Thursday, June 2, 2016

11 Famous Forecasts That Went Awfully Wrong

From technology, media to science, here are some famous predictions by respected men that went awfully wrong. Curated by Rajasekar KS I

No market for photocopiers

The world potential market for copying machines is 5000 at most.
— IBM, to the eventual founders of Xerox, 1959

Cars will go, horses will stay

The horse is here to stay but the automobile is only a novelty – a fad.
— President of the Michigan Savings Bank advising Henry Ford’s lawyer, Horace Rackham, against investment in the Ford Motor Company, 1903

Computers at home? eh!
There is no reason anyone would want a computer in their home.
- Ken Olsen, President, Chairman and Founder of Digital Equipment Corporation, in 1977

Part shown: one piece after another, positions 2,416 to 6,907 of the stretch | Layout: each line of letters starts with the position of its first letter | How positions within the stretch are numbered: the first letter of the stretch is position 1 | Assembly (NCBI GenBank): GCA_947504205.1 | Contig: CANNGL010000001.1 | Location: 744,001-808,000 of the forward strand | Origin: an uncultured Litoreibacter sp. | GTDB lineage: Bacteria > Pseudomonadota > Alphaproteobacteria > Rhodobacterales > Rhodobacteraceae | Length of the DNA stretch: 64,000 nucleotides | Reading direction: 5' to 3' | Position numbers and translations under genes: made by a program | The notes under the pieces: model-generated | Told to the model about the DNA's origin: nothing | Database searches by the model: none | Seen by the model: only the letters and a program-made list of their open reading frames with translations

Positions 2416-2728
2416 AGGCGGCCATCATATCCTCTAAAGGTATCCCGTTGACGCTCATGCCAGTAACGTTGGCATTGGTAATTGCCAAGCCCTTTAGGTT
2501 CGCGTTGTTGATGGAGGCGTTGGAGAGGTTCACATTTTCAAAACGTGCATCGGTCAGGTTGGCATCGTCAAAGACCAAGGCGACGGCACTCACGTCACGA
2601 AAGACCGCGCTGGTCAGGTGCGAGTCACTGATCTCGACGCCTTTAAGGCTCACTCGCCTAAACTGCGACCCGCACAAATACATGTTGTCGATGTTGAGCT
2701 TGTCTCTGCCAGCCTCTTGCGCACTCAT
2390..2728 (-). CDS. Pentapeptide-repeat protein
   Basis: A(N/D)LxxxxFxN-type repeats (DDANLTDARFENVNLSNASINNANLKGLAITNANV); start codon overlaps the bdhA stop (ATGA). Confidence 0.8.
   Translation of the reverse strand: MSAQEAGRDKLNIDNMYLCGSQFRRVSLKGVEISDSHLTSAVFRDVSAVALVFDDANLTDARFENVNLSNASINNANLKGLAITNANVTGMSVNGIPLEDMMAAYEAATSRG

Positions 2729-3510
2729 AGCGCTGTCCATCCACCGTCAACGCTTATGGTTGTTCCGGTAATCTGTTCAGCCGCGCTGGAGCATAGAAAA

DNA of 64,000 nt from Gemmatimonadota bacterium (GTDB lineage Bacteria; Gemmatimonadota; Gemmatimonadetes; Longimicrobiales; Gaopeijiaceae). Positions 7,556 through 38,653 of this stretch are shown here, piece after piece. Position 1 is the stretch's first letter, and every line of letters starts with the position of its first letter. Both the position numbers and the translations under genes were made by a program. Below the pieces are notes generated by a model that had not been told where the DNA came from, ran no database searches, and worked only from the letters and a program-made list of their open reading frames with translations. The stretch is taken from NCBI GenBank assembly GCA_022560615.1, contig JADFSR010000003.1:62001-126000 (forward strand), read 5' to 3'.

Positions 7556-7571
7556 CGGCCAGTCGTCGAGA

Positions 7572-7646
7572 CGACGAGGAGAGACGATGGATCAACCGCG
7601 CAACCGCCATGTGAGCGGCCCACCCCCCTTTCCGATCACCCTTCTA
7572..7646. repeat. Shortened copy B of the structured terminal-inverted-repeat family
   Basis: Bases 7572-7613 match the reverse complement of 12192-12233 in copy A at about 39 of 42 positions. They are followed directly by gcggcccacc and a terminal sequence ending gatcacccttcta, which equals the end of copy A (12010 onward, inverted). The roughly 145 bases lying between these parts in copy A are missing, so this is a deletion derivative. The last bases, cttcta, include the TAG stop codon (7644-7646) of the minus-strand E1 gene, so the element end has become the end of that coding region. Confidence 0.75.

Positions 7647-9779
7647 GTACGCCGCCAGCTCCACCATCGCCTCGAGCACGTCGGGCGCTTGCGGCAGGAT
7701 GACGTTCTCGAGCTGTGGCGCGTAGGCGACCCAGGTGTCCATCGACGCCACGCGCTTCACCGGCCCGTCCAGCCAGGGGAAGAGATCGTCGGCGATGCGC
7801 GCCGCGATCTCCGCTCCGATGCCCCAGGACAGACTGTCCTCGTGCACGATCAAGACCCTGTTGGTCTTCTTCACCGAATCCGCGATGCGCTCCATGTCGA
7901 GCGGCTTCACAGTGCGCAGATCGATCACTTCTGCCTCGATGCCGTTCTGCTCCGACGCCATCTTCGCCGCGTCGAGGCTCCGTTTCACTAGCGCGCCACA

Who wants a computer

I think there is a world market for maybe five computers.
– Thomas Watson, chairman of IBM, 1943

People will get bored of the idiot box
Television won't last because people will soon get tired of staring at a plywood box every night.
– Darryl Zanuck, movie producer, 20th Century Fox, 1946

Titanic can’t be damaged

I cannot conceive of any vital disaster happening to this vessel. Modern shipbuilding has gone beyond that.
- Edward J. Smith, captain of the Titanic, 1912

iPhone will have no market
There’s no chance that the iPhone is going to get any significant market share.
— Steve Ballmer, Microsoft CEO, 2007

Online shopping is a fad
Remote shopping, while entirely feasible, will flop because women like to get out of the house, like to handle the merchandise, like to be able to change their minds.
– Time Magazine, 1966

This phone has no value

This 'telephone' has too many shortcomings to be seriously considered as a means of communication. The device is inherently of no value to us.
– Western Union internal memo, 1876

Computers are too heavy
Computers in the future may weigh no more than 1.5 tons.
- Popular Mechanics magazine, 1949

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